Queen’s academics admitted to Royal Irish Academy
Dr Gladys Ganiel and Professor David Jones from Queen’s University Belfast have been officially admitted to the Royal Irish Academy for their exceptional contributions to the sciences, humanities and social sciences, as well as to public service.
The Royal Irish Academy is one of Ireland's premier learned societies and cultural institutions. Membership is awarded to persons who have attained the highest distinction by their unique contributions to education and research.
Dr Gladys Ganiel has been recognised for her international reputation for the originality and quality of her work on religion and peacebuilding, and on contemporary religious practices. Her three key pioneering monographs have had a global impact on her discipline and have helped to shape wider public understanding of religion.
Speaking on her recognition, Dr Ganiel, Reader in Sociology at Queen’s, said: “It is such an honour to be elected the Royal Irish Academy, with its long tradition of public engagement informed by world-class research in the humanities and sciences. I am grateful for the opportunity to work with other Academy members to promote research-led public debate across the island.”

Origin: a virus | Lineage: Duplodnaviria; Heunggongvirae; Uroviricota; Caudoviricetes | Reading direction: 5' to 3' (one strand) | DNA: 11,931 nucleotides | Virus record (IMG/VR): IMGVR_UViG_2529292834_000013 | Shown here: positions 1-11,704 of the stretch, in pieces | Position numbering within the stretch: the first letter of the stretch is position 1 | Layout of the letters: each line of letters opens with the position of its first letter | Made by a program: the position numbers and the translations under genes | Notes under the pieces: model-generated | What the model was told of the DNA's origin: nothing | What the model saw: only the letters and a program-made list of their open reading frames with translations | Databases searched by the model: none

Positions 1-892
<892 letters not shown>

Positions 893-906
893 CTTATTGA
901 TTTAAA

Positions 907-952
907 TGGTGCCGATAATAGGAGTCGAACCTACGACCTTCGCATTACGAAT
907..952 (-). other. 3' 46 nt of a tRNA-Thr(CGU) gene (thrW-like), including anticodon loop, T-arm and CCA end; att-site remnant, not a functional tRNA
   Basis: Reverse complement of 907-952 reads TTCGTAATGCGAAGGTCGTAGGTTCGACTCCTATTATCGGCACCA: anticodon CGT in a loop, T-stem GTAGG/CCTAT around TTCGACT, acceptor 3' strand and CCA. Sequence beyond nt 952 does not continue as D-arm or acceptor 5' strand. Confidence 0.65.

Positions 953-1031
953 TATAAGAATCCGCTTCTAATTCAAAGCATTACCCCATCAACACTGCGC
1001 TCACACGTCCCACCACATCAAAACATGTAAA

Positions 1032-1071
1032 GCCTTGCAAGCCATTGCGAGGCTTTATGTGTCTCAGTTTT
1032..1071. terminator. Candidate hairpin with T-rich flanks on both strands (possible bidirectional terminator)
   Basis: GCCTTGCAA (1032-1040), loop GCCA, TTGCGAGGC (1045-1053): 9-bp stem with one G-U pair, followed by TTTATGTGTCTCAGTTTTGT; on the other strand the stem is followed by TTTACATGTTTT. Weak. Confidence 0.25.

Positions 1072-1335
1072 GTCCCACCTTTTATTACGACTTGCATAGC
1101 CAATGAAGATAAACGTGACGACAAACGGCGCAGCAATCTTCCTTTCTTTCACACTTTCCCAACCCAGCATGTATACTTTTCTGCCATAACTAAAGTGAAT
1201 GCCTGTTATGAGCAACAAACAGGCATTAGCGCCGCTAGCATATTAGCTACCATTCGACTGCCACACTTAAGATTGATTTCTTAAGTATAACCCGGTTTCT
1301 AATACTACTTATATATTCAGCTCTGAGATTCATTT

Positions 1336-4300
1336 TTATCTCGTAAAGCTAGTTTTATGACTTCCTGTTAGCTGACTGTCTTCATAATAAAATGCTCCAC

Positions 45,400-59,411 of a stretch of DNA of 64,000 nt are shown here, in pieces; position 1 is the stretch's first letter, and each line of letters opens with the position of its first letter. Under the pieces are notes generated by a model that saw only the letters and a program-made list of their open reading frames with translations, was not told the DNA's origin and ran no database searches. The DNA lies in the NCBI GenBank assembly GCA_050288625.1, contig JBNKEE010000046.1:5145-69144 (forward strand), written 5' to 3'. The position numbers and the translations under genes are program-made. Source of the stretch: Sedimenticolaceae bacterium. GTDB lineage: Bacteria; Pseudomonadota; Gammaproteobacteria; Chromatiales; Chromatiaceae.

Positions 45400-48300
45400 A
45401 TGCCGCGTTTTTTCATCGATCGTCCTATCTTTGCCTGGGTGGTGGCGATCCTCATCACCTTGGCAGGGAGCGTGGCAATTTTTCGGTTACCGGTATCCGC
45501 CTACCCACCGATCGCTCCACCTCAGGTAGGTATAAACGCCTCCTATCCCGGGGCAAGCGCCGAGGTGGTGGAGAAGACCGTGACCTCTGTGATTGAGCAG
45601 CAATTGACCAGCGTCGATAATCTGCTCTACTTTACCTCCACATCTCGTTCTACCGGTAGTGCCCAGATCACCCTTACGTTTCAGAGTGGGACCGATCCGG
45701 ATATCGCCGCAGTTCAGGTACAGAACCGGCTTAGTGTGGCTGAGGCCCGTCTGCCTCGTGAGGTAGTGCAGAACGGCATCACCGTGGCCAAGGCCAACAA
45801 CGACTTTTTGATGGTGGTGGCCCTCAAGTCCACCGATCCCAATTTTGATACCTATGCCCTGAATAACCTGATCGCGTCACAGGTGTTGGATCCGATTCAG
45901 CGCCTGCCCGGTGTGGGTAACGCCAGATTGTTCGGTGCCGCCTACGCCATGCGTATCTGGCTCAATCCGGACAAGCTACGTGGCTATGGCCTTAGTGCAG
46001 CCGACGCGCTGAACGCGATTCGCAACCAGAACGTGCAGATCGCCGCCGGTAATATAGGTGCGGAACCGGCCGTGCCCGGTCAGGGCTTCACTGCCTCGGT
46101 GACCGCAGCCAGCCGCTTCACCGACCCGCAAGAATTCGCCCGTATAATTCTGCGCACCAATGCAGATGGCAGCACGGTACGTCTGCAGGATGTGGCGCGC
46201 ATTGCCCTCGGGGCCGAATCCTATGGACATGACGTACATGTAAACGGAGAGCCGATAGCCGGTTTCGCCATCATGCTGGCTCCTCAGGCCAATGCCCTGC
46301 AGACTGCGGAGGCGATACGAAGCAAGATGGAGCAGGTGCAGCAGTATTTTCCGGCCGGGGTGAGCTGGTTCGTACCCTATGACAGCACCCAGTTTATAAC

Professor David Jones, Pro-Vice-Chancellor for Education and Students at Queen's, has been admitted to the Academy as an internationally recognised leader in polymer-based implanted medical devices and enhanced pharmaceutical dosage forms. He has received numerous awards including the Griffith Medal and has founded two successful start-up companies.
The Royal Irish Academy is one of Ireland's premier learned societies and cultural institutions and has been honouring Ireland’s leading contributors to the world of learning since its establishment in 1785 and those elected by their peers.
Past members have included Maria Edgeworth, a pioneer of the modern novel and Nobel laureates: WB Yeats; Ernest Walton, Erwin Schrödinger and Seamus Heaney.